Censorship and the Super Bowl
It seemed like only a year ago we had buried the Super Bowl censorship debate for good.
When Paul McCartney took the stage with his piano in January 2005 for twelve of the most saccharine, inoffensive minutes in the history of musical performance, it was as if our bad memories of Janet Jackson disappeared. All thoughts of “wardrobe malfunctions” seemed to go the way of the “na na na’s” from “Hey Jude,” which innocuously floated out from Sir Paul’s lips into deep space where, some day, they will reach a race of super-advanced, soft-rock-loving aliens, convincing them to spare our planet.
But now once again we are asking ourselves about what’s appropriate in prime time. We’re wondering if TV will ever outlive the virtual lap dance that Ms. Jackson inadvertently gave our families two years ago.
If you didn’t see the game this year, you have considerably less company than you’d think. According to ABC, Super Bowl XL attracted an estimated 141.4 million viewers, an XL-sized number despite the lack of a surefire ratings powerhouse like the Cowboys, Giants, or dancing, washed-up celebrities. And keep in mind that of the approximately 160 million Americans who didn’t tune in, many are infants, or live in militia compounds.
If, however, you did catch the game, and somehow still missed the halftime hubbub, you’re not alone. That’s because the imbroglio surrounding the Rolling Stones’ mini-concert in Detroit concerns what wasn’t beamed through our televisions. In 2004, it was indecent exposure that assaulted us with varying degrees of clarity, depending on whether or not we had CBS HD. It became the most TiVo’d moment in TV history, and incurred the FCC’s largest fine ever. In 2006, controversy came in the form of the silent treatment. ABC execs approved a plan to turn down Mick Jagger’s mike as he sang a double entendre about the male anatomy, and then later quieted the questionable, last line of “Start Me Up.” It was a direct effect of the Jackson fiasco of ’04. And it went totally unnoticed by the 141.4 million of us who aren’t members of the Rolling Stones.
But nobody bowdlerizes the biggest-grossing geriatrics on earth without a fight, so the Stones have raised a stink. In the days following the gig, the band’s publicist called the censorship “absolutely ridiculous and completely unnecessary.”
In fairness, what artist doesn’t take it personally when his self-expression is silenced or sanitized? Does anyone think these lyrics were as offensive to the average American as outright nudity? The Stones have dealt with U.S. censorship before and they’re sick of it. Let’s face it they’ve been carrying a chip on their shoulders since their 1967 appearance on The Ed Sullivan Show, when the legendary host forced the Stones to change “Let’s Spend the Night Together,” to the slightly more cumbersome but G-rated “Let’s Get to Know Each Other Respectfully Over Several Years of Responsible Courtship, Get Married in a Church and then Politely Consummate Our Marriage Across Separated Twin Beds.” Brady bunches everywhere approved.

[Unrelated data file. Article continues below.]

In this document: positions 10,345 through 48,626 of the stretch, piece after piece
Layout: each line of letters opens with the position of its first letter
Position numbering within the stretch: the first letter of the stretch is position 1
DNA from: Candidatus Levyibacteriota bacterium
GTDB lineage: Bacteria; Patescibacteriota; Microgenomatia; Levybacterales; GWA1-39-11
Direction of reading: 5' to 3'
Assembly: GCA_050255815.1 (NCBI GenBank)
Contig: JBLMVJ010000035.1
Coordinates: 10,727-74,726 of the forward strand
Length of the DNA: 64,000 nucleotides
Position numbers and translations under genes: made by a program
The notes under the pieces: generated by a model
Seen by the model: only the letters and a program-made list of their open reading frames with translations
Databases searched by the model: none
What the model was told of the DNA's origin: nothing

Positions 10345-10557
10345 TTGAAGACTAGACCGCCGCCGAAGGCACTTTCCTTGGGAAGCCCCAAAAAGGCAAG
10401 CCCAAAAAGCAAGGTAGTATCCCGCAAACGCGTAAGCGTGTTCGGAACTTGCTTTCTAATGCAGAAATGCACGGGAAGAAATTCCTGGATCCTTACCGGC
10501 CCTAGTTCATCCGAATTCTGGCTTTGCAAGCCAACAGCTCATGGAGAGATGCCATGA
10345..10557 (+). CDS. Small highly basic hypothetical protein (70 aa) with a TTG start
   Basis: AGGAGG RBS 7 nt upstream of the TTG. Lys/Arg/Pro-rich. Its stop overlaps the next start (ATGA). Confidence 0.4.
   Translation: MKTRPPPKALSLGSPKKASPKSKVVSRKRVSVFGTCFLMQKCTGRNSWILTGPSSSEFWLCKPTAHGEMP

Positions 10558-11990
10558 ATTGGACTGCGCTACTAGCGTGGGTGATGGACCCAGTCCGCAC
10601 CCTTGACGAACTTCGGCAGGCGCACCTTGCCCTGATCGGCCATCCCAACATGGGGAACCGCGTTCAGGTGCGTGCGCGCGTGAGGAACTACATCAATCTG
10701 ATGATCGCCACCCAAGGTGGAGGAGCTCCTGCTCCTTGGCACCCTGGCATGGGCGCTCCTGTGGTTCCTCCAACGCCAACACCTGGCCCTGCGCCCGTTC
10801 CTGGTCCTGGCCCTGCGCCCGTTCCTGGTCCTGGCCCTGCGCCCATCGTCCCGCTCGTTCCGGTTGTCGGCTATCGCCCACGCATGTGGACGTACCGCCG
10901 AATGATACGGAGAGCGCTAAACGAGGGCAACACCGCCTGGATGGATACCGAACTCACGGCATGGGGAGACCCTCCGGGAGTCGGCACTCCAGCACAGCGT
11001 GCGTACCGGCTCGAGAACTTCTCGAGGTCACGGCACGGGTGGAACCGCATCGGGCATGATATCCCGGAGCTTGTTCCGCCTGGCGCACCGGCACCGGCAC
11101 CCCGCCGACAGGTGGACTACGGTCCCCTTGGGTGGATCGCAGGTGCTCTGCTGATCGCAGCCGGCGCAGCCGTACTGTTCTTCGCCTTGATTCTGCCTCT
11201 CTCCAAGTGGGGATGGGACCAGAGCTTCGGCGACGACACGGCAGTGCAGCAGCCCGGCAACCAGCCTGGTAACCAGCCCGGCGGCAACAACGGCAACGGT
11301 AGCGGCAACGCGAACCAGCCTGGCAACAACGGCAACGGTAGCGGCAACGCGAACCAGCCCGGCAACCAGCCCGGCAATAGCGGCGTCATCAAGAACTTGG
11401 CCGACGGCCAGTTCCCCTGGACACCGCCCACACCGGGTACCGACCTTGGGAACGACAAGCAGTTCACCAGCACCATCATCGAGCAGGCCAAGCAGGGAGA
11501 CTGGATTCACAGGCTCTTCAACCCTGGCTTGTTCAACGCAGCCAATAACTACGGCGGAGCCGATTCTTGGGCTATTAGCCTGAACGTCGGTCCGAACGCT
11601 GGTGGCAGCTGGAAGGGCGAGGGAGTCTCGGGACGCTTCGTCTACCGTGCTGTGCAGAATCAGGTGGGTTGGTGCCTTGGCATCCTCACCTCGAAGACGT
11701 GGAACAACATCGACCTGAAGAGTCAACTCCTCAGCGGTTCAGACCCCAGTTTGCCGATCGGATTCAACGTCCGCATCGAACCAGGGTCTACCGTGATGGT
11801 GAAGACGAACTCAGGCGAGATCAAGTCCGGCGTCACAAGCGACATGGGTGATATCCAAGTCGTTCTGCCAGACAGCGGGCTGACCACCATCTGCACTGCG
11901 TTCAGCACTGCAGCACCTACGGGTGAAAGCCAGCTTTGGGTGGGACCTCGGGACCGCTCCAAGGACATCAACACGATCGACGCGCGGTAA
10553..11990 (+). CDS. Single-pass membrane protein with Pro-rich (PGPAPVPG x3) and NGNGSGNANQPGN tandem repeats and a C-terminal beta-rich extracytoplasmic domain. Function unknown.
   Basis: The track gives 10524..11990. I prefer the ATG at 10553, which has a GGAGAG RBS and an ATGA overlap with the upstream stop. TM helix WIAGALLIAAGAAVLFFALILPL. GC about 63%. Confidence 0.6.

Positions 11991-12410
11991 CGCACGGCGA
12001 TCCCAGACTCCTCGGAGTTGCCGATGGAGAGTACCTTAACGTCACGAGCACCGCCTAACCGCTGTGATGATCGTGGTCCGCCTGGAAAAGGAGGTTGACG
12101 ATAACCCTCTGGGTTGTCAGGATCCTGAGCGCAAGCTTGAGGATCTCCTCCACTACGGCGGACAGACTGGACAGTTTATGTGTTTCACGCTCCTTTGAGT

While I have some sympathy for Mick and company, I can’t say I share their viewpoint. There are plenty of cynics who claim that the Super Bowl was forked over to advertisers long ago, or who see nothing wholesome about a glorified brawl on synthetic turf. For me, however, the Super Bowl remains a family affair, not the place to test the FCC.
But wrestling with obscenity has become a national obsession, and the Super Bowl remains our biggest stage. When Justin Timberlake exposed Janet Jackson two years ago, it sprayed shrapnel through every battle over decency in the so-called culture wars. It left many viewers distressed about a general dearth of breast-free programming. It caused Bible Belt conservatives to issue evangelical fatwas against anything more risqué than Big Bird. And it inspired the despicable Howard Stern to re-invent his struggle with the FCC over flatulent strippers as a martyrdom for free speech, at least long enough to sign a lucrative contract with satellite radio. Unless you count Howard, nobody’s a winner.
Thanks to a few controversial military operations here and there, the U.S. also has a growing national obsession with what other countries think of us, and Super Bowl XL has put that issue front and center again. Though few are saying it, the latest halftime controversy is a clash between European and American sensibilities. Europeans like Jagger didn’t understand the fuss over obscenity two years ago, and they certainly don’t understand it now, as networks fearfully clamor to tidy up their acts. In Britain and elsewhere in Western Europe, networks often broadcast softcore porn after 9PM. So when Janet stripped, Europe yawned. Many mainstream newspapers in Europe even devote a full page each day to introducing readers to bare-breasted models. Not since the heyday of 1980s comedy have we seen such impressively systematic, non sequitur toplessness (see Nerds, Revenge of the).
Maybe the British press has a point when they chuckle at our old-fashioned, American squeamishness. But maybe we Yanks are onto something by drawing a line somewhere, anywhere. Perhaps there is space to negotiate between hell and holy water.
But then again, maybe I’m missing something.
Oh that’s right, a football game actually bracketed the Rolling Stones’ performance and the Pittsburgh Steelers defeated the Seattle Seahawks 21-10.